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A former board member and active volunteer found her way to a facility in Boston after she had been diagnosed and treated for colon cancer. In her own words:
“As a single 35 year old with no family history, the diagnosis caught me completely off guard (although, I suspect most people are surprised by a cancer diagnosis regardless of age or family history!) The most that I could do was get myself through treatment. When treatment ended and I was re-establishing myself, the emotional impact of what I had gone through caught up with me. Fortunately, I had heard of TWC (the Cancer Support Community’s predecessor) and was able to go to one of the monthly networking groups for people with colon cancer. There I found a room of approximately 12 people and a professional facilitator leading the group and helping them deal with their colon cancer diagnosis. Everyone was able to share their experiences, connect with and learn from one another.
“As fate would have it, a month later I was diagnosed with breast cancer; again, no family history. Having the benefit of a prior cancer diagnosis, I decided to do things a bit differently. Rather than wait until treatment was over, I decided to stay engaged with TWC and joined a weekly support group. I also participated in countless activities: yoga, tai chi, meditation, life coaching, comedy night, creative expression, education workshops, etc. Every program I attended left me feeling the warmth of connection.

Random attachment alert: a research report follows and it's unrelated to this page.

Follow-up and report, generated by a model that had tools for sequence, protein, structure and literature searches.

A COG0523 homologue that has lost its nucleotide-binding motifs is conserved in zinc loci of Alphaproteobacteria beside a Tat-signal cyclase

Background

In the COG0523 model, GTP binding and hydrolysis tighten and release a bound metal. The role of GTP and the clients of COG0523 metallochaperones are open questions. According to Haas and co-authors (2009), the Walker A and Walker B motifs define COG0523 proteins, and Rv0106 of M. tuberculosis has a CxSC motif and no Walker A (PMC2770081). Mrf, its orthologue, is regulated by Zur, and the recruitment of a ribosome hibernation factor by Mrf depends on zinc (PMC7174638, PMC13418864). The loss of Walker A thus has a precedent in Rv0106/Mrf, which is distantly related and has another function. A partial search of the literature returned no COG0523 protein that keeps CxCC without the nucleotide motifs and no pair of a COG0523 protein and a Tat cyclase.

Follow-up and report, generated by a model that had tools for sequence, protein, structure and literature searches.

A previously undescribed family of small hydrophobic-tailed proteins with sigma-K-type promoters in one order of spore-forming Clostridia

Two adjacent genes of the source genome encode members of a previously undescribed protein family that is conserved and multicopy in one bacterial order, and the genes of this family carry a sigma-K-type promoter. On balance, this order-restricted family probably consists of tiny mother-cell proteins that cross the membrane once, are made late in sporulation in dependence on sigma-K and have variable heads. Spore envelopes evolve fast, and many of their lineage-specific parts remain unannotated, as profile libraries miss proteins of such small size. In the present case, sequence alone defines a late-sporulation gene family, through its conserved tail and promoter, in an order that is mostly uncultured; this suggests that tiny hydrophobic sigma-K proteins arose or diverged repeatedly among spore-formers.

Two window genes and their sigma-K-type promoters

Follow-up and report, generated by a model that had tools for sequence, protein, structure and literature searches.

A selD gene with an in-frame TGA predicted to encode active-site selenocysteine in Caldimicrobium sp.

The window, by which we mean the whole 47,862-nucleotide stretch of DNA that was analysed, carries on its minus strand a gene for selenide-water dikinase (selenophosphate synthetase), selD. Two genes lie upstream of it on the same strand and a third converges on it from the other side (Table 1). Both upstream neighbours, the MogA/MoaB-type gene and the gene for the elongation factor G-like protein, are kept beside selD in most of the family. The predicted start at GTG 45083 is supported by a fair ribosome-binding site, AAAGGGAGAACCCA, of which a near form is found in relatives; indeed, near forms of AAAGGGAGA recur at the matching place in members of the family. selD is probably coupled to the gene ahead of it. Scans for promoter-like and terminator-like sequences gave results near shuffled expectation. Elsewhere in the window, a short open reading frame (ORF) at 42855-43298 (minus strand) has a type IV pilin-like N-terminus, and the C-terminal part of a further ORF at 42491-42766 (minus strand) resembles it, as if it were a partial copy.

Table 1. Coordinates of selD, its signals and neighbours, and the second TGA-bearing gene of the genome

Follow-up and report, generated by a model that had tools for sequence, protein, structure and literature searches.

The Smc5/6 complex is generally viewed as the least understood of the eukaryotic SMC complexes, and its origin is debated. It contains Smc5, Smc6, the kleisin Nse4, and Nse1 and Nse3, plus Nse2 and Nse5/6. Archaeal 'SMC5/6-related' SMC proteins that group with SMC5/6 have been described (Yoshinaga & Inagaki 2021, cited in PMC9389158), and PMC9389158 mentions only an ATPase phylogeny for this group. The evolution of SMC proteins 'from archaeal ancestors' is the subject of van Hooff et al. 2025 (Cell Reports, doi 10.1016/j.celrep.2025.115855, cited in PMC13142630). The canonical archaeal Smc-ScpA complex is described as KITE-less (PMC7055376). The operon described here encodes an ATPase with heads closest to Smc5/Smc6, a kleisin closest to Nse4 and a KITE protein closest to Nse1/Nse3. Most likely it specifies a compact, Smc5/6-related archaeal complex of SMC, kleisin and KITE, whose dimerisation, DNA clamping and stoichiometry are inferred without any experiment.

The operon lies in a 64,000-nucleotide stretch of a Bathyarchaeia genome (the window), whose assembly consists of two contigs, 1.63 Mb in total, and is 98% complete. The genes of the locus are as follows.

“As many with cancer know, the experience can be isolating, fearful and confusing. Additionally, there are moments of joy and peace. Here was a place where I could go and express all of what I was feeling about cancer – my fears of pain and death, my joy of meeting new people who knew exactly what I was feeling without having to explain myself, my sadness about not having the life I had imagined…it was a life enhancing experience and helped me find a quality of life despite the constraints I was facing.
“My doctors saved my life. The Cancer Support Community saved my spirit.”
Cancer Patient Margot Larson believes in the value and mission of CSC-SCT and urges others to help build the community she and others need.
“As a cancer patient, what I need and yearn for is the moral support and resources that could help me navigate these difficult waters. I am an astute advocate for myself, but I need more. I need a coach; I need a place to go when I am confused and overwhelmed. While I get excellent medical care at Smilow, and find our cancer support group helpful, it’s not enough. There is no other place for me to go. Most cancer support organizations offer help when you have completed treatment.
“I am living with cancer. I may never be out of treatment – I have Stage 4 NSC (non-small cell) lung cancer. For many months, it may all be good news. I feel good; I look well. And then a test shows progression of the disease and I need to dig deep to my toes to find the fortitude, hope and courage to move forward.
“I believe that the Cancer Support Community is the answer and that’s why I have volunteered, joined the board, donated to the cause and assisted with finding an Executive Director. I hope CSC will open its doors in time for me to benefit from the fruit of our labors; if not, at least it will help others like me.
“Help us open our doors, sooner than later.”